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Nat Commun. 2018 May 14;9(1):1864. doi: 10.1038/s41467-018-03646-6.

Cross-ancestry genome-wide association analysis of corneal thickness strengthens link between complex and Mendelian eye diseases.

Author information

1
Department of Ophthalmology, Erasmus Medical Center, 3000 CA, Rotterdam, The Netherlands.
2
Department of Epidemiology, Erasmus Medical Center, 3000 CA, Rotterdam, The Netherlands.
3
Department of Clinical Genetics, Erasmus Medical Center, 3000 CA, Rotterdam, The Netherlands.
4
University of Bordeaux, Bordeaux Population Health Research Center, INSERM UMR 1219, F-33000, Bordeaux, France.
5
Institute of Genetics and Molecular Medicine, Medical Research Council Human Genetics Unit, University of Edinburgh, EH42XU, Edinburgh, UK.
6
Regenerative Medicine Institute and Department of Surgery, Cedars-Sinai Medical Center, CA 90048, Los Angeles, CA, USA.
7
Cornea Genetic Eye Institute, CA 90048, Los Angeles, CA, USA.
8
Department of Ophthalmology, University Medical Center Mainz, 55131, Mainz, Germany.
9
Department of Ophthalmology, Inselspital, University Hospital Bern, University of Bern, Bern, CH-3010, Switzerland.
10
Statistical Genetics, QIMR Berghofer Medical Research Institute, QLD 4029, Brisbane, Australia.
11
Department of Population and Quantitative Health Sciences, Case Western Reserve University, OH 44106, Cleveland, OH, USA.
12
Institute for Computational Biology, Case Western Reserve University, Cleveland, OH, 44106, USA.
13
Biomedical Sciences Research Institute, Ulster University, BT52 1SA, Belfast, Northern Ireland, UK.
14
Royal Victoria Hospital, Belfast Health and Social Care Trust, BT12 6BA, Belfast, Northern Ireland, UK.
15
Institute for Translational Genomics and Population Sciences and Department of Pediatrics, Los Angeles Biomedical Research Institute at Harbor-UCLA Medical Center, Torrance, CA 90509, CA, USA.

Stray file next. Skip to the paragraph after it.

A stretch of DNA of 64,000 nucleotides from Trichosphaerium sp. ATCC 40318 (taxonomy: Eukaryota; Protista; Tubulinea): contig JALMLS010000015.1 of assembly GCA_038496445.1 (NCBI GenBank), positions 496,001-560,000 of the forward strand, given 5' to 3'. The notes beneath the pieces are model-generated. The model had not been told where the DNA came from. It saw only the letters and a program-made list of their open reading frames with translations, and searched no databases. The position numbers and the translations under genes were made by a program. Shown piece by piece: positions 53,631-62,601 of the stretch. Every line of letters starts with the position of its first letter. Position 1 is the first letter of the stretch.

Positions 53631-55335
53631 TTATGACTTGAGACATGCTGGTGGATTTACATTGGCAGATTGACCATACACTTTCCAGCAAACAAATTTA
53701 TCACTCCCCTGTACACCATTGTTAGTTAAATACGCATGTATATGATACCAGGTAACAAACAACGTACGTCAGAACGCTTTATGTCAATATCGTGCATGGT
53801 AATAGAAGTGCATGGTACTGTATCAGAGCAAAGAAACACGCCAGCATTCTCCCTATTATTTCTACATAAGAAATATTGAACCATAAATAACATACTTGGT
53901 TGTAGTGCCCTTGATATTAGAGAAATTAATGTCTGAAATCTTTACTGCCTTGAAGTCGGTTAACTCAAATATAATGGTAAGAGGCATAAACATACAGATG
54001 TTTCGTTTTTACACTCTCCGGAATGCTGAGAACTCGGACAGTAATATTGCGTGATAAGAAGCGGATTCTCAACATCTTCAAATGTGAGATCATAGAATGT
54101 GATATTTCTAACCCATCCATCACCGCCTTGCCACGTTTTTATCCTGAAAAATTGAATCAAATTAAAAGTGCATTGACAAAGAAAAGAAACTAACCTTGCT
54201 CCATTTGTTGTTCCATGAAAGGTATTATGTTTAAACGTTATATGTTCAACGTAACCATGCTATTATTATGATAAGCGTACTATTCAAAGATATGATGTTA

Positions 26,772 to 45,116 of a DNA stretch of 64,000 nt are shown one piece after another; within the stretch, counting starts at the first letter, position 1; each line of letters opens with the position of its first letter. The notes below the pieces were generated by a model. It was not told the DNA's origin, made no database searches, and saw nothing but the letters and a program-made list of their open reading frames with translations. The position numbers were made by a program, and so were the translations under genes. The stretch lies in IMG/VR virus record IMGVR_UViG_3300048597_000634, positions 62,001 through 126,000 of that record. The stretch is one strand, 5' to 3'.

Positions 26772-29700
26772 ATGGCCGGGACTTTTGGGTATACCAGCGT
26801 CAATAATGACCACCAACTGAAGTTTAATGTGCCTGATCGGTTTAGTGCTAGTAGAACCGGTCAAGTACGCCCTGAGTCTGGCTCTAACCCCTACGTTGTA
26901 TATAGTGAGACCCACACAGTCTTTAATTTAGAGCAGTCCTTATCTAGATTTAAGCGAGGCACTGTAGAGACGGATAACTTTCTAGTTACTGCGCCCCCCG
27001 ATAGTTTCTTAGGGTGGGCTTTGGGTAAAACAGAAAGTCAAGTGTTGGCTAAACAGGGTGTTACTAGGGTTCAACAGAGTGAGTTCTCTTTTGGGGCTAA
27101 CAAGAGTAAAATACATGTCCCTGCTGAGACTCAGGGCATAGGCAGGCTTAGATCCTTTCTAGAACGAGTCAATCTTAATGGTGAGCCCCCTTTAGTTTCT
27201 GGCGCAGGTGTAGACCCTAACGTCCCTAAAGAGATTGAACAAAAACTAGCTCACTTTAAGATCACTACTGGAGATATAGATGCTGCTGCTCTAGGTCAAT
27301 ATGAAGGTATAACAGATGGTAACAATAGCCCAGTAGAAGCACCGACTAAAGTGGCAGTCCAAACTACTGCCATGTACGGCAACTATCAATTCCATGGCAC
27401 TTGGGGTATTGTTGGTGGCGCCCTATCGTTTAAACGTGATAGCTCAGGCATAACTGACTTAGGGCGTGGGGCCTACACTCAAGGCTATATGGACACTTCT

16
Division of Genomic Outcomes, Departments of Pediatrics and Medicine, Harbor-UCLA Medical Center, Torrance, CA 90502, CA, USA.
17
Centre for Ophthalmology and Visual Science, University of Western Australia, Lions Eye Institute, WA 6009, Perth, WA, Australia.
18
Department of Twin Research and Genetic Epidemiology, King's College London, WC2R 2LS, London, UK.
19
Department of Public Health and Primary Care, Institute of Public Health, University of Cambridge School of Clinical Medicine, CB2 0SR, Cambridge, UK.
20
NIHR Biomedical Research Centre, Moorfields Eye Hospital NHS Foundation Trust and UCL Institute of Ophthalmology, EC1V 9EL, London, UK.
21
Faculty of Medicine, University of Split, HR-21000, Split, Croatia.
22
Departments of Medicine and Epidemiology and Cardiovascular Health Research Unit, University of Washington, WA 98101, Washington, USA.
23
The New York Academy of Medicine, NY 10029, New York, NY, USA.
24
Centre for Vision Research, Department of Ophthalmology and Westmead Institute for Medical Research, University of Sydney, NSW 2145, Sydney, NSW, Australia.
25
Singapore Eye Research Institute, Singapore National Eye Centre, 168751, Singapore, Singapore.
26
Centre for Eye Research Australia, University of Melbourne, Royal Victorian Eye and Ear Hospital, VIC 3002, East Melbourne, Australia.
27
Department of Genetics and Computational Biology, QIMR Berghofer Medical Research Institute, QLD 4029, Brisbane, Australia.
28